Posts Tagged 'Bold Strokes Books'

Turning up the Heat

By D Jackson Leigh

Heat, cold, rain, drought – weather drives life on a very basic level in all parts of the world.

Aching bones predict a coming cold snap, a herd of cows lying down (not just a few napping) portend impending rain, thunder in winter forecasts snow will follow seven to ten days later, and so forth.

And, any culture born from agricultural roots, like the Midwest and the South, have learned to respond accordingly. If winter’s coming to the Midwest and granny says to go ahead and dig her hole next to grandpa in the family cemetery before the ground freezes, you better do it. Everybody knows the old and infirm seem to drop along with the outdoor temperature every year. Likewise, heat, the most basic measure of Southern weather, generally slows everything down in the sultry states because we’re familiar with the dangers of dehydration and heat stroke.

Writers, however, turn up the heat to bring our stories to a boil rather than slow them. Heat between two characters is the heartbeat of a romance. Heat brings tingle to a sex scene. Heat accelerates the pace of the plot to a breathless ending.

SwelterConsidering that heat was the theme, my timing was a little off when I found my rhythm while writing Swelter.

I had signed a contract with a deadline, then procrastinated getting started.

I always intend to write during the summer months but find it difficult with so many book events during the warm months. I still work a full-time job that pays my mortgage, so my writing time is mainly on weekends. This past summer, I had six weekends in a row booked with travel. So, no writing.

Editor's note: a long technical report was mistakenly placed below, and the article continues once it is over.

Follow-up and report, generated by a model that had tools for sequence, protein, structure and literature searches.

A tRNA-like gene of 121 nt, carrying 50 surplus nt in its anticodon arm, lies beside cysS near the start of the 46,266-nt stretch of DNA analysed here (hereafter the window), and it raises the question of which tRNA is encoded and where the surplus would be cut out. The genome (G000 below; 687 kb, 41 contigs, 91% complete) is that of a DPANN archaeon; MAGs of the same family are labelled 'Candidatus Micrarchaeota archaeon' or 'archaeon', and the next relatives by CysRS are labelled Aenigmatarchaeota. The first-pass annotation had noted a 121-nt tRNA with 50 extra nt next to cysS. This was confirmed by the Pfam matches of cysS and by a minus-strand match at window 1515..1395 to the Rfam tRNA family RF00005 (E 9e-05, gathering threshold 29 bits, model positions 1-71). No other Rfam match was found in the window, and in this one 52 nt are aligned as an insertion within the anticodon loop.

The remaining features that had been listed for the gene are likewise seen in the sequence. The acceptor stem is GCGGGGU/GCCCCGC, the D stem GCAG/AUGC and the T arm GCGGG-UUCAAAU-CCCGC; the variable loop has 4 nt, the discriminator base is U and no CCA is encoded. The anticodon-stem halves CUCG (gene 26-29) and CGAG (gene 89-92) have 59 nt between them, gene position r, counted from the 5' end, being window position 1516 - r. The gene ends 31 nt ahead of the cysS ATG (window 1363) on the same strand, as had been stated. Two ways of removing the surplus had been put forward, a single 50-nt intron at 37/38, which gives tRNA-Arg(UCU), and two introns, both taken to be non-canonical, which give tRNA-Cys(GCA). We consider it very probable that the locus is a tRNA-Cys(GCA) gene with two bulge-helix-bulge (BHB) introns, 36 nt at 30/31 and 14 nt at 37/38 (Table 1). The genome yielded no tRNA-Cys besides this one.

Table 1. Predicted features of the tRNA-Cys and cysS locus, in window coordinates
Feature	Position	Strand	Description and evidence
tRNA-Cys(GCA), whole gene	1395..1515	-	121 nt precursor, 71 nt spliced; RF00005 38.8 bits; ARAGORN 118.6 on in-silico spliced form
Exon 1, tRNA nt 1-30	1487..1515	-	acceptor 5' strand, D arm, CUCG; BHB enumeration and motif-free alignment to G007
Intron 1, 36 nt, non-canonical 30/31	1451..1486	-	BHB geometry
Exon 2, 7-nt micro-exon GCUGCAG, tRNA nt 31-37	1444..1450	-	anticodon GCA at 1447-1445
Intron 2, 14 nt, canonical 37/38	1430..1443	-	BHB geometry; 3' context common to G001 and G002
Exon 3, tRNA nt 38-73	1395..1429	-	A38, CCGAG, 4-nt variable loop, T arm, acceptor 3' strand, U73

Autumn was rolling in when I whipped out the first chapters to introduce my two characters to the readers and to each other. Then I suddenly had writer’s block over what to do next. I struggled through those fall months, then went to visit a close friend, VK Powell, for one of our frequent brainstorming sessions. She’s a master plotter and lives in an awesome high rise condo where one wall is all glass and looks out over a downtown city park. So, as is our custom, we imbibed – I’m partial to whiskey and she likes vodka – and brainstormed while I paced and stared out at the city lights. She was left with empty liquor bottles, and I went home filled with inspiration.

Only now, it was the dead of winter.

So, I jacked up the furnace and turned on the gas logs in the fireplace until I was sweating and The Terrors, my three rescued terrier mixes, had their tongues hanging out.